That’s the title of a fascinating new paper with important policy implications.
This paper evaluates the popular view that quantitative easing exerts greater international spillovers than conventional monetary policies. We employ a novel approach to compare the international spillovers of conventional and balance sheet policies undertaken by the Federal Reserve. In principle, conventional
monetary policy affects bond yields and financial conditions by affecting the expected path of short rates, while balance-sheet policy is believed act through the term premium. To distinguish the effects of these two types of policies we use a term structure model to decompose longer-term bond yields into expected short-term interest rates and term premiums. We then examine the relative effects of changes in these two components of yields on changes in exchange rates and foreign bond yields. We find that the dollar is more sensitive to expected short-term interest rates than to term premia; moreover, the rise in the sensitivity of the dollar to monetary policy announcements since the GFC owes more to an increased sensitivity of the dollar to expected interest rates than to term premiums. We also find that changes in short rates and term premiums have similar effects on foreign yields. All told, our findings contradict the popular view that quantitative easing exerts greater international spillovers than conventional monetary policies.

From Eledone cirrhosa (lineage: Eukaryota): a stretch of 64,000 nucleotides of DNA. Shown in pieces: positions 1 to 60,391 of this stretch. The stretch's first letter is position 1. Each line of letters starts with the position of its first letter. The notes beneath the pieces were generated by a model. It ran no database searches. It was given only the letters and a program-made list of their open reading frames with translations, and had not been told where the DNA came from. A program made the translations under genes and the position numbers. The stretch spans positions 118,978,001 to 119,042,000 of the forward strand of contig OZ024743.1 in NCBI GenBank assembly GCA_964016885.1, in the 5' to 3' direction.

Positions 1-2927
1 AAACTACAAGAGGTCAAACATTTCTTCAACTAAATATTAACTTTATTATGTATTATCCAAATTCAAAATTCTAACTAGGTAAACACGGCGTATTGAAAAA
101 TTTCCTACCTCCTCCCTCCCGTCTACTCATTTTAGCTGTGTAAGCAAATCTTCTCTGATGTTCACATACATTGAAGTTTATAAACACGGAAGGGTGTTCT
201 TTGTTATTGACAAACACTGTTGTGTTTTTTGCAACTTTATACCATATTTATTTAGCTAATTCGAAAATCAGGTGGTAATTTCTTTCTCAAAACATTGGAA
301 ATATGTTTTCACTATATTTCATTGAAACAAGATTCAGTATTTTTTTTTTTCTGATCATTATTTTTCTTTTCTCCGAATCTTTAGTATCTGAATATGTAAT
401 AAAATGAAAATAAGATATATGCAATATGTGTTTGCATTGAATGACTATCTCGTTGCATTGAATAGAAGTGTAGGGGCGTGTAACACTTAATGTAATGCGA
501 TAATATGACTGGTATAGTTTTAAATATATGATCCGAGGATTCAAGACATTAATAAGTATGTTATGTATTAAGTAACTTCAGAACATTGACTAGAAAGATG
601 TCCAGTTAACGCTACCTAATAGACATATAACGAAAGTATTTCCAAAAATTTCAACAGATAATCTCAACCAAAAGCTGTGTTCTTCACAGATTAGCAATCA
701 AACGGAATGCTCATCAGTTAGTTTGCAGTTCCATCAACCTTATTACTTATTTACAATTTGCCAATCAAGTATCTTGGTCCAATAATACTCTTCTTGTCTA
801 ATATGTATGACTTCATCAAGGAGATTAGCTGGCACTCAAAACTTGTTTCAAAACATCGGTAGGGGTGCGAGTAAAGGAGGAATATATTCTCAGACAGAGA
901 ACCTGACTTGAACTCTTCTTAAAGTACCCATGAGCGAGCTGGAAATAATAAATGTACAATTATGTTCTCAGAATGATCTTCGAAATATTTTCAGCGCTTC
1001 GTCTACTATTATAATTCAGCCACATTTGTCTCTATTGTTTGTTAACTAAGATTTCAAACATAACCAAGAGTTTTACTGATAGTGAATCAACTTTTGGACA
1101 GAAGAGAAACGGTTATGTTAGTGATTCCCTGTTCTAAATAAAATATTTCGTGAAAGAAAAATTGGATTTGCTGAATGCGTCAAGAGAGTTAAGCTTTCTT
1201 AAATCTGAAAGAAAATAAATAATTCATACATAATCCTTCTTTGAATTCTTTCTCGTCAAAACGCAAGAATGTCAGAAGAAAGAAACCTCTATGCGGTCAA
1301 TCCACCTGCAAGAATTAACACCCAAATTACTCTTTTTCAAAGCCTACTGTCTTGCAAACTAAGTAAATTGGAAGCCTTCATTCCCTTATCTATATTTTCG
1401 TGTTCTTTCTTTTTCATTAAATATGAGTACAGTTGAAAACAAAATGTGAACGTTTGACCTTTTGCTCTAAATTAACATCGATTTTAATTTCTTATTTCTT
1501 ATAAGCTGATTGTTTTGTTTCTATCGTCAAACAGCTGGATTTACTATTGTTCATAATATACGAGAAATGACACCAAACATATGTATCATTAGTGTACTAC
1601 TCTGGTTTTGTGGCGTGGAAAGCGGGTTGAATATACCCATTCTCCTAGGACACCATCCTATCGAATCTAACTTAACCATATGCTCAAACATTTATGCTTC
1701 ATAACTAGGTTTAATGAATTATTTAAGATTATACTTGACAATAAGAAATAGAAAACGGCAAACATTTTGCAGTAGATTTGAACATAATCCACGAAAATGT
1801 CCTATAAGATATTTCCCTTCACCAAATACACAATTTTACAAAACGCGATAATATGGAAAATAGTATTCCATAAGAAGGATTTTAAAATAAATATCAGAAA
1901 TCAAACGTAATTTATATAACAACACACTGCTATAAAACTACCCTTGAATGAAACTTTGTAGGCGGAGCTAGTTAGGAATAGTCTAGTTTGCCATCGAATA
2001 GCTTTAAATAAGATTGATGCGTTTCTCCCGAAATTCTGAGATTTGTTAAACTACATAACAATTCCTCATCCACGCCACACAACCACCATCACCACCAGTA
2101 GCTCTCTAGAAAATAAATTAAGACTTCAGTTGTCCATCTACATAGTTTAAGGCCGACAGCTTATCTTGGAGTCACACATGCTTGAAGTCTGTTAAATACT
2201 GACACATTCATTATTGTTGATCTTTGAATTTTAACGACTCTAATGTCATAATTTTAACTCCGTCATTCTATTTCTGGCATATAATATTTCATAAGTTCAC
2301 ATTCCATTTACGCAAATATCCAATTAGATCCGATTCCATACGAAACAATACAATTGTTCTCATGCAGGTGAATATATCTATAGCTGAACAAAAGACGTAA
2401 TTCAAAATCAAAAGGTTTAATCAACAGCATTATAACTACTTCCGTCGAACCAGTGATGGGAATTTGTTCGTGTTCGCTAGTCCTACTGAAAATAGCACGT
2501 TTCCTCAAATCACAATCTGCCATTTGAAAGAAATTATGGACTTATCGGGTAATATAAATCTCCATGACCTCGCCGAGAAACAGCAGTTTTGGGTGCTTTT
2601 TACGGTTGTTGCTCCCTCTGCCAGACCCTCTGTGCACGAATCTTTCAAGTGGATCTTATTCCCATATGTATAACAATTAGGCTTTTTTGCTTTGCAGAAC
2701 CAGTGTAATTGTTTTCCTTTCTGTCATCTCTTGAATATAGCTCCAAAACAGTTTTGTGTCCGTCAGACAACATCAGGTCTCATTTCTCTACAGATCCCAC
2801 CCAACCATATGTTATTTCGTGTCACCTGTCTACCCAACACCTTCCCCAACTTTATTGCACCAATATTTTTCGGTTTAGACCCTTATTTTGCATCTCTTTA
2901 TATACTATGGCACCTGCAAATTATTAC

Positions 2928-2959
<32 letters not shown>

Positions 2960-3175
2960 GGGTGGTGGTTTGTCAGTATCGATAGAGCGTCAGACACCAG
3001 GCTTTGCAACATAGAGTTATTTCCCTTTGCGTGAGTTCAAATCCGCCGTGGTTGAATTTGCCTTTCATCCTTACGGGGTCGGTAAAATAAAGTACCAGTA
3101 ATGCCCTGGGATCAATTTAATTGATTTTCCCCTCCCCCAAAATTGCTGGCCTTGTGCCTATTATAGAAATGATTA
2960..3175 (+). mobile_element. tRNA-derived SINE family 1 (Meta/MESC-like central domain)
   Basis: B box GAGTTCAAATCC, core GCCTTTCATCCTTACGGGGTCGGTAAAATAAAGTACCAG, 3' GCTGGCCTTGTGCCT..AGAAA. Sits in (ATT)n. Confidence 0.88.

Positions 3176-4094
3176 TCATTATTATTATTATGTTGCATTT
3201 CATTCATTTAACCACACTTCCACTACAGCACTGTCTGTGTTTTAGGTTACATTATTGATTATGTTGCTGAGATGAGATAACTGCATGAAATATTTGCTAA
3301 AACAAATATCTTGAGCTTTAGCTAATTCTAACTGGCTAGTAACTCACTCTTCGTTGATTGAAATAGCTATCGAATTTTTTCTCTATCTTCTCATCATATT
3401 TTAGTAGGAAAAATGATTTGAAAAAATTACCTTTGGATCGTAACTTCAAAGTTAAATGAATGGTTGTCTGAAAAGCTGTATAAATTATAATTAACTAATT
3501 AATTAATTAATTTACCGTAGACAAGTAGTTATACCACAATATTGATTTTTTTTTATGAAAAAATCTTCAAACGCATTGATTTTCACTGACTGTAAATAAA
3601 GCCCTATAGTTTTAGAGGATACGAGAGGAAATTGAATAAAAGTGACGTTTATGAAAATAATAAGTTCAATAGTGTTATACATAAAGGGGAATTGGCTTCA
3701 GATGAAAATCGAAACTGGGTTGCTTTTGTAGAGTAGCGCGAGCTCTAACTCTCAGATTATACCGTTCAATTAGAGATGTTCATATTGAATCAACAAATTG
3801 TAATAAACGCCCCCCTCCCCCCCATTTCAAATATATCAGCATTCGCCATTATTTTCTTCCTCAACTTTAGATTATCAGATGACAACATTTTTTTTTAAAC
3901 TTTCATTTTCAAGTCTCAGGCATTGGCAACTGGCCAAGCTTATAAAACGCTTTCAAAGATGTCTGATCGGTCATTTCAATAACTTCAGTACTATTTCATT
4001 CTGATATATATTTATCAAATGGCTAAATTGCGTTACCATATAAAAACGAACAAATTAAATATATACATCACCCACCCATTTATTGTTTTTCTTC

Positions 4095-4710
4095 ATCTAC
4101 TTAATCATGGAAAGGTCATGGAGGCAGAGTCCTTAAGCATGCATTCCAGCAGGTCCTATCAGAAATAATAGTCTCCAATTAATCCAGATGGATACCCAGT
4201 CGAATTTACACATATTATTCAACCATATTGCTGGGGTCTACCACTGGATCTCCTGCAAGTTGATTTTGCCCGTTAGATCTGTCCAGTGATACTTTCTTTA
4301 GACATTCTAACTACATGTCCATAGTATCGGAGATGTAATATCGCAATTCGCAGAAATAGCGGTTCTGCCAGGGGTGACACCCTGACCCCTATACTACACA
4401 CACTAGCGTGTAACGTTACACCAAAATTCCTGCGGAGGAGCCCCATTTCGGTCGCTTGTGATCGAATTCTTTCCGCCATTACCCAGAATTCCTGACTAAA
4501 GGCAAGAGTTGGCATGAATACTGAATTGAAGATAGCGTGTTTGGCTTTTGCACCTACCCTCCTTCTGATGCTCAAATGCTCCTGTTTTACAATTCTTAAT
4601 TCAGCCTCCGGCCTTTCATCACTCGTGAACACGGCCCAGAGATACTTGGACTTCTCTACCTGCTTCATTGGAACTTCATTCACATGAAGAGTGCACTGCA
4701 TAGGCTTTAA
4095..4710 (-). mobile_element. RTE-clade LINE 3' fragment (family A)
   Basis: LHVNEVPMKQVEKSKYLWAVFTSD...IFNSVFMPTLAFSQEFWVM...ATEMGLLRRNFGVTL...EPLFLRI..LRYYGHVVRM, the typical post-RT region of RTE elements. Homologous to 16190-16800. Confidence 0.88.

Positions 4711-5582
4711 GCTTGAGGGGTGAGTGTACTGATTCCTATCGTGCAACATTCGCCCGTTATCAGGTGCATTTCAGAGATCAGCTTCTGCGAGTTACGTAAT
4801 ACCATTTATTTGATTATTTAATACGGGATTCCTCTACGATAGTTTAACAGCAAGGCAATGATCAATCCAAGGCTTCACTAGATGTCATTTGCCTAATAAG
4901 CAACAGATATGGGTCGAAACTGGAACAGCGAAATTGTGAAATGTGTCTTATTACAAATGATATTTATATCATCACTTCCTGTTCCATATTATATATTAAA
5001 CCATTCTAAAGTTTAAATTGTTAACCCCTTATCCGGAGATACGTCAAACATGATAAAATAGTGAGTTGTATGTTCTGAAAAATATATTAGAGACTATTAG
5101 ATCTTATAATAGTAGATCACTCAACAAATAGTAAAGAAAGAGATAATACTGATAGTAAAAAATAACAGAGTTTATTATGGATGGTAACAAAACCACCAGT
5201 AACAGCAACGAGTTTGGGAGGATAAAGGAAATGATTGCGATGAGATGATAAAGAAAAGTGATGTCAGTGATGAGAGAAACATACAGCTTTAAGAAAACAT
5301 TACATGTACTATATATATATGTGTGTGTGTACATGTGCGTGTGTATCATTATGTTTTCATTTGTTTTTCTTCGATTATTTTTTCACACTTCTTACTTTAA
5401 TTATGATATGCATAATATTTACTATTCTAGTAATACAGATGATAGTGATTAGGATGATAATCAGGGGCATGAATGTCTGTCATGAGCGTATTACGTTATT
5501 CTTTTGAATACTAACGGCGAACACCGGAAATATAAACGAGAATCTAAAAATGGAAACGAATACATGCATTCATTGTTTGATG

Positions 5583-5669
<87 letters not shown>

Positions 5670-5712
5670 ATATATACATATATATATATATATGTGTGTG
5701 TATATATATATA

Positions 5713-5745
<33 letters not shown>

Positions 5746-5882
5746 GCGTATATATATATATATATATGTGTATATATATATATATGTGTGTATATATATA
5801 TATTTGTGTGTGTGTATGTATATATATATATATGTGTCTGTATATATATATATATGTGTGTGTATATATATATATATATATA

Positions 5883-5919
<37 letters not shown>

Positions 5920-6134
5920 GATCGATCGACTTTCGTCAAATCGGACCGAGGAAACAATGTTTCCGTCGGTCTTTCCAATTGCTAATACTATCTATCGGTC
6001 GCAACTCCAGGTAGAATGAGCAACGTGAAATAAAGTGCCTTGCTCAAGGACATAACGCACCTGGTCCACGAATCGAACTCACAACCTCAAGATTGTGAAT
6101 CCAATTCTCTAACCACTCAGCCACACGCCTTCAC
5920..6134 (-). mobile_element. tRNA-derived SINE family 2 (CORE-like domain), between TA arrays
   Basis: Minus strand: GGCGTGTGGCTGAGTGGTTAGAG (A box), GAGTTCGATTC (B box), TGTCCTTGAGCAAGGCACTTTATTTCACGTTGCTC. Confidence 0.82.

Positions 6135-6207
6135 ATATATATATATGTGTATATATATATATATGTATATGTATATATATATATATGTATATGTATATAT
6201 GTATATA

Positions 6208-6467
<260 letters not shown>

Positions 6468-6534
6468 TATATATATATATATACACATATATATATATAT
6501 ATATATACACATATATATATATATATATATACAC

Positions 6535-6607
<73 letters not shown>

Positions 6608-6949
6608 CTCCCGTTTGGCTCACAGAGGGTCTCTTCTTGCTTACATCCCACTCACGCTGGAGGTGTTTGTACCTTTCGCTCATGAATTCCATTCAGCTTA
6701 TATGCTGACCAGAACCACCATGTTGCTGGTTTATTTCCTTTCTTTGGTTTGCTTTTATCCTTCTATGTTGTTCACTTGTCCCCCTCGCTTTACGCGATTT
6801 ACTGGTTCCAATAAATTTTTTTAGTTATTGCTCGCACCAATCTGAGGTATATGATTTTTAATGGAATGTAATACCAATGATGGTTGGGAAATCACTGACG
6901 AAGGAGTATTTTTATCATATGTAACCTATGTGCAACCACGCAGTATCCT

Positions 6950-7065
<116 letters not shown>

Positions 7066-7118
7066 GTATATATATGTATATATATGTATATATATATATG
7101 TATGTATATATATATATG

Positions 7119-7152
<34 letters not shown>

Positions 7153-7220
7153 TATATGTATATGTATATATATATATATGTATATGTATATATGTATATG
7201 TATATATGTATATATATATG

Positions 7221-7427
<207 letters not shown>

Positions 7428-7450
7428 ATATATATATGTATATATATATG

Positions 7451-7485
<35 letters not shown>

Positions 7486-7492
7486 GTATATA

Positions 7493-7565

Ever since Brainard’s speech in 2017 (highlighted in this discussion by Brad Setser), I’ve been wondering how to differentiate between short term interest rate and term premium effects on exchange rates. In this paper, the authors obtain the following estimates.
In one sense, this makes sense, since the term premium is a liquidity/inflation risk term, which does not necessarily map to the exchange risk premium which might depend on very different things that determine the term premium. Short term interest rates on the other hand are phenomena most directly linked to the first moments of monetary policy, which should matter the most for nominal exchange rates. But that’s conjecture on my part…